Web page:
Belden H. Daniels made an offer Utah officials couldn't refuse: He's so sure he can help find money for Utah small businesses that's he's offering the state a money-back guarantee.
Daniels, president of the Boston consulting firm of Community Development Inc., has been hired by the state Division of Community and Economic Development to explore expansion of the mission of the Utah Housing Finance Agency to include small business loans. The state has agreed to pay him $100,000 for his services, but he says he won't keep a dime of it if he doesn't produce.The reason for that kind of confidence? "We just choose good clients," Daniels said, "and the rest will follow. We think you've got a tremendous asset in this agency."
Indeed, it may well be that Daniels can't go wrong when dealing with an organization as strong as the Utah Housing Finance Agency. Next to the Intermountain Power Project, it is the largest importer of capital to the state and is a familiar name on Wall Street. It also finances 4,000 mortgages each year with a low default rate.
The details of Daniels' money-back guarantee are somewhat fuzzy at this point, largely because he and his associates haven't done enough preliminary work to tell exactly what can be accomplished. But he is certain he can find ways to attract new capital for use by small businesses.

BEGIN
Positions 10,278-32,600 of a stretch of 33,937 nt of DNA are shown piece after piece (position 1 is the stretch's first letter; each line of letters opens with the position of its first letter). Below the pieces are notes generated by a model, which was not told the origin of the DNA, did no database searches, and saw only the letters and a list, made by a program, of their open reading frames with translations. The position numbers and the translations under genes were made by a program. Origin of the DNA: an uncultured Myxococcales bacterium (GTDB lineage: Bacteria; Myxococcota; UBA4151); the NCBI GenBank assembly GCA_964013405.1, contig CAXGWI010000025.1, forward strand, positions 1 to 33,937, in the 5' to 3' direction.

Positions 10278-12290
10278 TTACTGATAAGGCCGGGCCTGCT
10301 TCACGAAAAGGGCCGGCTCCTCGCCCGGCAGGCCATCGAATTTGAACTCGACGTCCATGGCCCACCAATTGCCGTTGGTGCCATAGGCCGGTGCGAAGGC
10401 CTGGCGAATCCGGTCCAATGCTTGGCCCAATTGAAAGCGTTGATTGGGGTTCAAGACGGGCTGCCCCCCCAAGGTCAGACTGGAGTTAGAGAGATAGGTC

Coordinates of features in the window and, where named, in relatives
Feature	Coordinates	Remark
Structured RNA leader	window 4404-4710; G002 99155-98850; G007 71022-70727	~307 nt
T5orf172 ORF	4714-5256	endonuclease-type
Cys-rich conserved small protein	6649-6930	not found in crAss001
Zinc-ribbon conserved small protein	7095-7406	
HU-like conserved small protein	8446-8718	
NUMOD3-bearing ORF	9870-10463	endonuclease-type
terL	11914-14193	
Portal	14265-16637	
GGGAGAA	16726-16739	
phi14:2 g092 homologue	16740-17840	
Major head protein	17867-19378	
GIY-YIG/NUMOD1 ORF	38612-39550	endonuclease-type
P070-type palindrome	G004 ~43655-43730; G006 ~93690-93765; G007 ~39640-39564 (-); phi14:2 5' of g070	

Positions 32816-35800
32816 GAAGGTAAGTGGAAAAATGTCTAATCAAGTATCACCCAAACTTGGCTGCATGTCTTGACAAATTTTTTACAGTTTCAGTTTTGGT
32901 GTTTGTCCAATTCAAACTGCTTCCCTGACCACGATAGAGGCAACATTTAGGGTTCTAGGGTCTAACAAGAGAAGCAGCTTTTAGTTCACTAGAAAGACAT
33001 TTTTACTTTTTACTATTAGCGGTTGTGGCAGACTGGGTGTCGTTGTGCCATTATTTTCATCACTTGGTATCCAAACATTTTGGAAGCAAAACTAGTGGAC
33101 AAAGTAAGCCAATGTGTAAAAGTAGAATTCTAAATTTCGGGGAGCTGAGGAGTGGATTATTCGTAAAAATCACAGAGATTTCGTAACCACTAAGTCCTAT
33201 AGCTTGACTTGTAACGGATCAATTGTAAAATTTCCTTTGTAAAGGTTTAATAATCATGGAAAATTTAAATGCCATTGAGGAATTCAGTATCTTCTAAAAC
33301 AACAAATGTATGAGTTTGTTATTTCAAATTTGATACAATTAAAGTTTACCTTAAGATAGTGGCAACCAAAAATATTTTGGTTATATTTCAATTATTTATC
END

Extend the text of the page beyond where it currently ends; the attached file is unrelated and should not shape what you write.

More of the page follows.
Daniels was in town this week to meet with Gov. Norm Bangerter, Utah legislators and members of the business and banking community to get their feedback and make sure no one begins to feel threatened.
"Utah is a very conservative state," said David Adams, director of the Division of Community and Economic Development, "and it takes a long time to do things that are different. We want to make sure we take the necessary steps."
Adams said Daniels was hired to help address the longstanding problem small, rural businesses face in getting certain kinds of financing.
"Since I came to state government, I have heard from one end of the state to the other that small business people can't get loans in the rural areas for such things as financing for accounts receivable, inventory or work-in-progress," Adams said.
Daniels was hired based on his successes in other states. In Arkansas, for example, he took the state's housing finance agency and expanded it from a $750 million operation to a $1.5 billion agency. At his suggestion, the Arkansas agency borrowed money from major lending institutions based on the strengths of loans to small businesses, which would be guaranteed through good collateral or by the Small Business Administration. He also helped them create a statewide bonding pool that loans money for small community projects.